Skip to main content


Obesity as risk factor for subtypes of breast cancer: results from a prospective cohort study



Earlier epidemiological studies indicate that associations between obesity and breast cancer risk may not only depend on menopausal status and use of exogenous hormones, but might also differ by tumor subtype. Here, we evaluated whether obesity is differentially associated with the risk of breast tumor subtypes, as defined by 6 immunohistochemical markers (ER, PR, HER2, Ki67, Bcl-2 and p53, separately and combined), in the prospective EPIC-Germany Study (n = 27,012).


Formalin-fixed and paraffin-embedded (FFPE) tumor tissues of 657 incident breast cancer cases were used for histopathological analyses. Associations between BMI and breast cancer risk across subtypes were evaluated by multivariable Cox regression models stratified by menopausal status and hormone therapy (HT) use.


Among postmenopausal non-users of HT, higher BMI was significantly associated with an increased risk of less aggressive, i.e. ER+, PR+, HER2-, Ki67low, Bcl-2+ and p53- tumors (HR per 5 kg/m2: 1.44 [1.10, 1.90], p = 0.009), but not with risk of more aggressive tumor subtypes. Among postmenopausal users of HT, BMI was significantly inversely associated with less aggressive tumors (HR per 5 kg/m2: 0.68 [0.50, 0.94], p = 0.018). Finally, among pre- and perimenopausal women, Cox regression models did not reveal significant linear associations between BMI and risk of any tumor subtype, although analyses by BMI tertiles showed a significantly lower risk of less aggressive tumors for women in the highest tertile (HR: 0.55 [0.33, 0.93]).


Overall, our results suggest that obesity is related to risk of breast tumors with lower aggressiveness, a finding that requires replication in larger-scale analyses of pooled prospective data.


Associations between etiological factors and cancer risk have been shown to be differential across molecular tumor subtypes in earlier epidemiological studies [1, 2]. With respect to relationships between anthropometric factors and breast cancer risk, there is evidence to suggest that obesity, as measured by body mass index (BMI), increases the risk of estrogen receptor positive (ER+) rather than ER- breast tumors in postmenopausal women [3,4,5]. Moreover, it has been proposed that obesity is related to more slowly proliferating tumors, as defined by low expression of the Ki67 protein in tumor cells [5]. Thus, mechanisms to link obesity with breast cancer, especially altered estrogen and Insulin-like growth factor 1 (IGF-1) signaling [6], could drive overall less aggressive tumors with a distinct molecular profile. However, despite the notion that a better understanding of risk factor associations with tumor subtypes is needed to improve personalized medicine and prevention [1], prospective data on the relationship between anthropometric parameters and the risks of breast cancer by subtypes beyond those defined by hormone receptor status are sparse [2].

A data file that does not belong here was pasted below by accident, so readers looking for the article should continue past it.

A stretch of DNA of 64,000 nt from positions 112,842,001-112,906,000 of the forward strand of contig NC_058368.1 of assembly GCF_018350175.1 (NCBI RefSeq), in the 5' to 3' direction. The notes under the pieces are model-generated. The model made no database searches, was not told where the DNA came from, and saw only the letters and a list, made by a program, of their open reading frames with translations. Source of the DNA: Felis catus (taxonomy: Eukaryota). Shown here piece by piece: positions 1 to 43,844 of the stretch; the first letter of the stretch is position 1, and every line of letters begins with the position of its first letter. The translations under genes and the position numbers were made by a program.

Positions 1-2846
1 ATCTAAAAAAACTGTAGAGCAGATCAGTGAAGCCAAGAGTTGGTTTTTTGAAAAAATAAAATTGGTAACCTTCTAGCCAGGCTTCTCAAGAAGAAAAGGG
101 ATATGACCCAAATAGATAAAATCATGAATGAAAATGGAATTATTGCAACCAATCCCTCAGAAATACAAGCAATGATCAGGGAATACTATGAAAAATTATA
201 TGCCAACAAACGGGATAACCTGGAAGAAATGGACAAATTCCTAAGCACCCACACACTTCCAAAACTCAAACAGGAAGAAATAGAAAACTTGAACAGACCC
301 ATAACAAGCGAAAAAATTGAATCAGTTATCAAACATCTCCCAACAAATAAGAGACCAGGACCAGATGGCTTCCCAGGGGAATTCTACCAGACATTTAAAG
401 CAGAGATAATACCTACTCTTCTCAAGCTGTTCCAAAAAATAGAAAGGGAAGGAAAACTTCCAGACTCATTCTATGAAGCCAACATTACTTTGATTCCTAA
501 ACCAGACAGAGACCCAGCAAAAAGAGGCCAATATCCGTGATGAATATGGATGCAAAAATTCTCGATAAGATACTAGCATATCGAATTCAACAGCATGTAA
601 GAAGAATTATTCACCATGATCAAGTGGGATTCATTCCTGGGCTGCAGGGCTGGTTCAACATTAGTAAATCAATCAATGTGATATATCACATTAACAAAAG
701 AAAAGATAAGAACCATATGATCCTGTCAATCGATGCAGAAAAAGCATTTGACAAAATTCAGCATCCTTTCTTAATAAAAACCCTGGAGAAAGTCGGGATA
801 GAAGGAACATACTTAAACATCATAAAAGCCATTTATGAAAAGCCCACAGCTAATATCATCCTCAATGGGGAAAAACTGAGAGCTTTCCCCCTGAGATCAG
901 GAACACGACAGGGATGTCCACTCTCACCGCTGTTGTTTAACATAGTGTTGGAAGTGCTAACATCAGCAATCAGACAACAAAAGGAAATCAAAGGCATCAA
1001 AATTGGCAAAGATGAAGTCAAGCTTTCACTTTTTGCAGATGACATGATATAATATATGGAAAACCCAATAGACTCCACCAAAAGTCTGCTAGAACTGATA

The aim of the present study was to examine the associations between obesity with breast cancer risk across more refined tumor subtypes. For this purpose, we assessed six well-established immunohistochemical markers (ER, PR, HER2, Ki67, Bcl-2 and p53) in tumor samples of breast cancer cases from the prospective European Prospective Investigation into Cancer and Nutrition (EPIC)-Germany Study. We hypothesized that obesity would be particularly related to the development of less aggressive tumors (i.e. ER+, PR+, HER2-, Ki67low, Bcl-2+ and p53- tumors).


Study population

EPIC is a multi-center prospective cohort study with more than 500,000 participants across Europe. In Germany, 53,088 participants (30,270 women) in the age range between 35 and 65 years were recruited at the study centers in the cities of Heidelberg and Potsdam between 1994 and 1998 [7, 8]. At baseline, anthropometric measurements were carried out by trained personnel, and data on diet, physical activity, smoking, alcohol consumption, medication use, reproductive factors and socio-economic status were obtained [7].

Incident cases of breast cancer were either self-reported during follow-up or derived from cancer registries. Each case was validated by a study physician using the information given by the patient’s treating physicians and hospitals. Overall, 1095 cases of primary breast cancer had occurred until Dec 31st 2010, the closure date for the present analyses. After exclusion of prevalent cases of cancer (n = 1669), individuals lost to follow-up (n = 947), individuals with unclear breast cancer status (n = 23), individuals with missing covariate information (n = 181), and incident cases without tumor blocks (n = 438) from the EPIC-Germany cohort, the study population for the present analyses comprised 27,012 women (Additional file 1: Figure S1).